Coins and Tokens Aren’t the Same; Difference Between Cryptocurrency Coins and Tokens

Crypto coins and tokens are different things even though the terms are used interchangeably. This article explains the differences.

Even though cryptocurrencies have boomed recently, few people understand the technicalities behind them. There are tons of different factors behind each cryptocurrency and as a trader or investor, it is recommended that you understand the basics of each crypto you buy.

The terms tokens and coins are often, mistakenly, used interchangeably, while in reality, they mean two different things. In this article I will try to explain the different types of cryptocurrencies - coins and tokens, and further break them down for you.

Coin - A cryptocurrency (digital currency) that uses its own platform and operates independently, is a coin. Coins do not require any other platform to run, but rather, function on their own independent Blockchain, on which they are the native currency. Bitcoin is a coin, and so is Litecoin and Ethereum - Litecoin and Ethereum are also altcoins, which means they are Bitcoin alternatives in some ways. There are two common types of altcoins:

  1. Alternative coins that are built using the original source code of the Bitcoin derived Blockchain with modifications and changes (Dogecoin, Litecoin).
  2. Alternative coins that are built using independent and new Blockchains (e.g. Ethereum, Icon, AION)

Token – A cryptocurrency that is built on top of an existing Blockchain or protocol is known as a token. Tokens typically represent an asset or utility. Since tokens are created on top of an existing Blockchain, they are easier to create and most of the tokens we see today are based on the Ethereum blockchain:

  1. Utility Token – These tokens are not designed as investments. They are to be used to transact, exchange, and access products or services, essentially providing a ‘utility’ of some sort. Since they are not considered an investment, these tokens are exempt from regulatory scrutiny under the law (e.g. Tokens used for Identification or for playing a Blockchain based game).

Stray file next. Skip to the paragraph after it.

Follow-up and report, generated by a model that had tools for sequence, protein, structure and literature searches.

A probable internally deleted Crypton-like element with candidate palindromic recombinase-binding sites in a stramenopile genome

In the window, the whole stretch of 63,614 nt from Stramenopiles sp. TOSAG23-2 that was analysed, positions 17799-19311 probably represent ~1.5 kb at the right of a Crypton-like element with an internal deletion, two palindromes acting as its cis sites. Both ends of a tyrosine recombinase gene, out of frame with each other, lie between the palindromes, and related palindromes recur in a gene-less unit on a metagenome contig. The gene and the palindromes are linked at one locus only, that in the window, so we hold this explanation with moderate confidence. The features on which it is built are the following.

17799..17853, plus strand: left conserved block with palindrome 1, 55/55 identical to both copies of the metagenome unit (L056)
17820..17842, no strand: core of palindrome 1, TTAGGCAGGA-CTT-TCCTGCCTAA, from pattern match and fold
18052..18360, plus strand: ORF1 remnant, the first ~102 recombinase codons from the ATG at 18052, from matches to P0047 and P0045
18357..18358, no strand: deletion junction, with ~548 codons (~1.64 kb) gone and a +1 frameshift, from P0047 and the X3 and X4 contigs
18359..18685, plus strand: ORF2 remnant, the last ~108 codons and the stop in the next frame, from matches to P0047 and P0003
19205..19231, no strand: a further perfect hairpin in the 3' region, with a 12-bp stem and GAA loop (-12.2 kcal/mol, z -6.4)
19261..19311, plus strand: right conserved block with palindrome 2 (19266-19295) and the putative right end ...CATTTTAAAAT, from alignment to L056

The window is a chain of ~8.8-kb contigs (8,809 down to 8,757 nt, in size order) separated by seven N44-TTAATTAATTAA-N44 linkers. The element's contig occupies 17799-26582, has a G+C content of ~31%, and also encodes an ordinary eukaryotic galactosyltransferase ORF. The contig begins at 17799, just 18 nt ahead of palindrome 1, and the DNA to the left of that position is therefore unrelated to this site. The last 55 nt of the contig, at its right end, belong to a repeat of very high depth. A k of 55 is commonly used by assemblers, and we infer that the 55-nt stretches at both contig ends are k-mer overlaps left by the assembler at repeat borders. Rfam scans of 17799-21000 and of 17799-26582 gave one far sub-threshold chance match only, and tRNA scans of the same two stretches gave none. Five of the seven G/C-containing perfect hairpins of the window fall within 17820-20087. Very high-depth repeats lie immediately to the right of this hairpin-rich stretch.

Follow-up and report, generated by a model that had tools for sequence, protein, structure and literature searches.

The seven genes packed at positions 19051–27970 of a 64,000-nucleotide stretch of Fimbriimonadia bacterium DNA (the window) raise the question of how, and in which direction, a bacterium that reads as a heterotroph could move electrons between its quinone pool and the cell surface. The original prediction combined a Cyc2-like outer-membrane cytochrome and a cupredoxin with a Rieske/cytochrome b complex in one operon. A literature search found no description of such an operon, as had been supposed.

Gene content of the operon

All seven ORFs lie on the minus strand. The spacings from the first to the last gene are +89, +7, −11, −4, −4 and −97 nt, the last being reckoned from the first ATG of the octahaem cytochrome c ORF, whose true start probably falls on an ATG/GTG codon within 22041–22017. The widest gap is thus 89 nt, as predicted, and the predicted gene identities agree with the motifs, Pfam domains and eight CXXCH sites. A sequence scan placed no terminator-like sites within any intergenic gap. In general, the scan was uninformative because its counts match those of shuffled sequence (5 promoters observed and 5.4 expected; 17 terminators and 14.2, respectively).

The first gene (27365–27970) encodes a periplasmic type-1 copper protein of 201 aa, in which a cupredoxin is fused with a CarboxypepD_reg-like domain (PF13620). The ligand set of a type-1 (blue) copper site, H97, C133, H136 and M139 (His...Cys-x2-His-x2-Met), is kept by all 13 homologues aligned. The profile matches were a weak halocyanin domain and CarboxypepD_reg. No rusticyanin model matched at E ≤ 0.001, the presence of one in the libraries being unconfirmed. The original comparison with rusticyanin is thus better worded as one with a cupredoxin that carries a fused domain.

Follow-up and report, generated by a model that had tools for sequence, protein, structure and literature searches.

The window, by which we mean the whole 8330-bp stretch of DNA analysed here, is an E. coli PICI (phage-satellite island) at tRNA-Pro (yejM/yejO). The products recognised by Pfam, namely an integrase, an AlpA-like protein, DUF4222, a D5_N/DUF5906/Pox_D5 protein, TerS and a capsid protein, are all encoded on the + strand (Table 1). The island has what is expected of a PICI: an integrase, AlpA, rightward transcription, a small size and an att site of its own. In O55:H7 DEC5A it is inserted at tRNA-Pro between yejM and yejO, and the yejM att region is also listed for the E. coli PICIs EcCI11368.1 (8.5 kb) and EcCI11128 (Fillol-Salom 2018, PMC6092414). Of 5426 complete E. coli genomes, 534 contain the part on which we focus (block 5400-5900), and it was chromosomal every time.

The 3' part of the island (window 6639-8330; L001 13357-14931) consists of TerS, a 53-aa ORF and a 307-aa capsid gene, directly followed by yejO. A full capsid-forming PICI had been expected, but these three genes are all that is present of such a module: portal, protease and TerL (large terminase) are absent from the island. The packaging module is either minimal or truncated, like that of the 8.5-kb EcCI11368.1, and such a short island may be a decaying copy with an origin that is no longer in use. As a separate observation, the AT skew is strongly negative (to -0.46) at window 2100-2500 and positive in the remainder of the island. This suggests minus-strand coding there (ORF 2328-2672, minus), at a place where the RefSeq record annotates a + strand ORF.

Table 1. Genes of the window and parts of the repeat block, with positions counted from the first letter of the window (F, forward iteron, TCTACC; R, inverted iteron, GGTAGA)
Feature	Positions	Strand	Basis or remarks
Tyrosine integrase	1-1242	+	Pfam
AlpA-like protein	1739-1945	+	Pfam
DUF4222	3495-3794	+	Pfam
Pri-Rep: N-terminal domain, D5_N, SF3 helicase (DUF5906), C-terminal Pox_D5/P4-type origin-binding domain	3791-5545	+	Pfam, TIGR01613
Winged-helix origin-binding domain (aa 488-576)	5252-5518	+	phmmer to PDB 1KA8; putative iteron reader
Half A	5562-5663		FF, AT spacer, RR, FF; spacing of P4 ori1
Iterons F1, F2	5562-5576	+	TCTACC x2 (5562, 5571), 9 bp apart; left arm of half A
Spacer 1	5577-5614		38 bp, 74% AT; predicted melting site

2. Security Token – These tokens are considered investable assets and are subject to securities regulations. For example, The SEC (Securities Exchange Commission in the U.S.) uses the Howey Test to verify if a token represents a security or not. If a token fails the Howey Test, it is considered a security.  If a firm meets all the regulatory requirements, this token has the most potential for widespread application. The largest use case would be for companies to issue tokens that represent ownership in a company or asset, just like stocks.

Coins provide the foundation for tokens, but tokens have overall greater functionality than just being used as a native currency on a protocol. Tokens can be used to represent ownership in a company or real estate, provide voting rights, can issue buybacks and the list goes on, providing other uses cases beyond speculative returns and a medium of exchange.

If you want to know which cryptocurrencies are coins and which are tokens, you can head over to CMC and select ‘Coins’ or ‘Tokens’ from the available tabs to view the lists:

Top Coins on CMC:


Top Tokens on CMC:

Even though we have explained the differences in this post, it is likely that the terms token and coin will continue to be used interchangeably and will be redefined over time as hybrid coins and tokens are launched in the future.

If you have any questions or confusions, feel free to contact us and we will do our best to explain the various crypto concepts.